(A version of this commentary originally appeared in the Detroit Free Press on May 18, 2014.)
Proponents of a $195 million Detroit bailout, Gov. Rick Snyder chief among them, pitch the gift as part of a “Grand Bargain” to get the city back on its feet.
Lawmakers who represent voters outside Detroit, however, are hesitant and with good reason. A public opinion poll commissioned by the Mackinac Center in April found that likely voters oppose the bailout by a 49-to-44 margin. Among Republican voters, the gap grows to a 55-to-38 margin against the bailout.
In response, state lawmakers have put together a 10-bill package to accompany the bailout, including significant pension reform.
Among the demands the recently introduced bills make is that all new city of Detroit employees be enrolled in a 401(k)-style “defined-contribution” retirement plan. The current “defined-benefit” plan is substantially underfunded. Detroit’s employees should not be among the city’s biggest creditors, and this reform ensures that employee retirement benefits get paid
as they are promised.
Opponents have already mounted a defense, claiming that the “transition costs” associated with such a reform is reason enough to scuttle it. Not true. The accounting guidelines that opponents call “transition costs” are avoidable, and these guidelines do not dictate funding.
This change is vital to reduce the sting of forcing taxpayers everywhere to rescue Detroit, but there remain many reasons not to bailout the city.
First, it went bankrupt “openly and notoriously,” to quote Emergency Manager Kevyn Orr. State and city officials were warned of the city’s impending fiscal problems as early as 2000 and did little of substance to help Detroit avoid bankruptcy.
Second, it is unfair. Michigan taxpayers were not responsible for the failed oversight of Detroit. The Motor City fouled its own nest and should be required to clean it up. The opportunity cost of bailing out the city means that money can’t be spent filling potholes or on some other important need that would benefit the entire state.
Third, the city has already been “bailed out” with other special favors from Lansing. The state, for example, spreads a portion of its tax revenue among municipalities through “revenue sharing.” Detroit collects 58 percent of the optional portion despite claiming only 7 percent of the state’s population. The state also permits special taxes on casinos and utilities in Detroit that no other city enjoys, and in 2010 legislators changed borrowing rules so Detroit could take on another $250 million in debt.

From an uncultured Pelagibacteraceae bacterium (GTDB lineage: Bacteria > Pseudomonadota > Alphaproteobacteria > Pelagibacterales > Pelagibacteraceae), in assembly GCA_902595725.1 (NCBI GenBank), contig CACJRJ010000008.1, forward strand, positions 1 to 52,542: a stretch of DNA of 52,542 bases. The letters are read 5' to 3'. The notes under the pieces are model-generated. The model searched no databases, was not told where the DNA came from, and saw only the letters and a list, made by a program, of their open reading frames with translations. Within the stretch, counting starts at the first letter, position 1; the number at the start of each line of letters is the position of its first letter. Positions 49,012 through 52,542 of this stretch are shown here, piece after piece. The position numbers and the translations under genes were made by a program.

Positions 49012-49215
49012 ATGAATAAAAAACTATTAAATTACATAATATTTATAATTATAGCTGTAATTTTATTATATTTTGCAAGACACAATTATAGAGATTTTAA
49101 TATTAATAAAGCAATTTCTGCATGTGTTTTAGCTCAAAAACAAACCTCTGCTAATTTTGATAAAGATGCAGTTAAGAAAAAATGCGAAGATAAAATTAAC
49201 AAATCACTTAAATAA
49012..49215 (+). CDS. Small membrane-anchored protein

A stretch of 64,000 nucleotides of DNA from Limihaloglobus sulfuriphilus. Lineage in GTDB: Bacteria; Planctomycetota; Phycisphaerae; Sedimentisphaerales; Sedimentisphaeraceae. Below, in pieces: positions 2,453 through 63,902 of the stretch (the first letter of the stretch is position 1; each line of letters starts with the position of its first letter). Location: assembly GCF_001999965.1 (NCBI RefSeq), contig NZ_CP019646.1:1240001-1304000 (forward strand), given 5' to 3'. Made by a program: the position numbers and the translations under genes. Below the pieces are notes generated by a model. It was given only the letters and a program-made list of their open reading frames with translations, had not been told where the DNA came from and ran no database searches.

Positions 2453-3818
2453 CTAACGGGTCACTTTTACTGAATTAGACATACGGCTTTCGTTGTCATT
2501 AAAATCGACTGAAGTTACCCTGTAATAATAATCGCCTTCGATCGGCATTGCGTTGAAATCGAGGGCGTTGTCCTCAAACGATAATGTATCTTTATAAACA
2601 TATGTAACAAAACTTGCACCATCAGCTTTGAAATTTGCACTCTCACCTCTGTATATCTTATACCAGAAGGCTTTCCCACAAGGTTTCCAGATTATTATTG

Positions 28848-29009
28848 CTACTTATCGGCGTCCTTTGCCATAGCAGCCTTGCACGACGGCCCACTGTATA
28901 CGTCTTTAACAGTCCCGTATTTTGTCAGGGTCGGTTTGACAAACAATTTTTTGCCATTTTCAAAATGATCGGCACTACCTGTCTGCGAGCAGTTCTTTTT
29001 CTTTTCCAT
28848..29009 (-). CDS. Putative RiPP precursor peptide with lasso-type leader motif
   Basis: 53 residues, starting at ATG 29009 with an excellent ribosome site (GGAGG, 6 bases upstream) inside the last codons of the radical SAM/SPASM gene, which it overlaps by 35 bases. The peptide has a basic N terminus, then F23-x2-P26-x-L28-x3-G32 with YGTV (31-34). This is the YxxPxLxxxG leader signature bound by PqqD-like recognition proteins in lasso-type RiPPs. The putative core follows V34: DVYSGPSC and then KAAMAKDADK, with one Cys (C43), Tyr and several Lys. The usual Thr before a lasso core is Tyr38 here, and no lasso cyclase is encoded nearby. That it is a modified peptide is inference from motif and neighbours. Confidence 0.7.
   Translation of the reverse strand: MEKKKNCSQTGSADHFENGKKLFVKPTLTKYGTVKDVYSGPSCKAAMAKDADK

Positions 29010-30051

No one is saying that Detroit is not a vital part of Michigan or that it does not contribute to the state’s overall economy, but the numbers show that it already receives a disproportionate amount in return. Many have deemed the paintings at the DIA as “hands off,” while continuing to hold out both hands.
But selling just one painting — Bruegel’s “The Wedding Dance” — could bring the city $200 million; that’s $5 million more than it is asking everyone else to fork over. Such a bold step would show that Detroit has some skin in the game and is actually serious about fixing the mess it created.
A Detroit bailout is a bad proposition for taxpayers statewide for these reasons and more. If legislators do force this “Grand Bargain” on Michigan, they must get the reforms they seek — pension reform in particular.
Michael D. LaFaive is director of the Morey Fiscal Policy Initiative at the Mackinac Center for Public Policy, a research and educational institute headquartered in Midland, Mich. Permission to reprint in whole or in part is hereby granted, provided that the author and the Center are properly cited.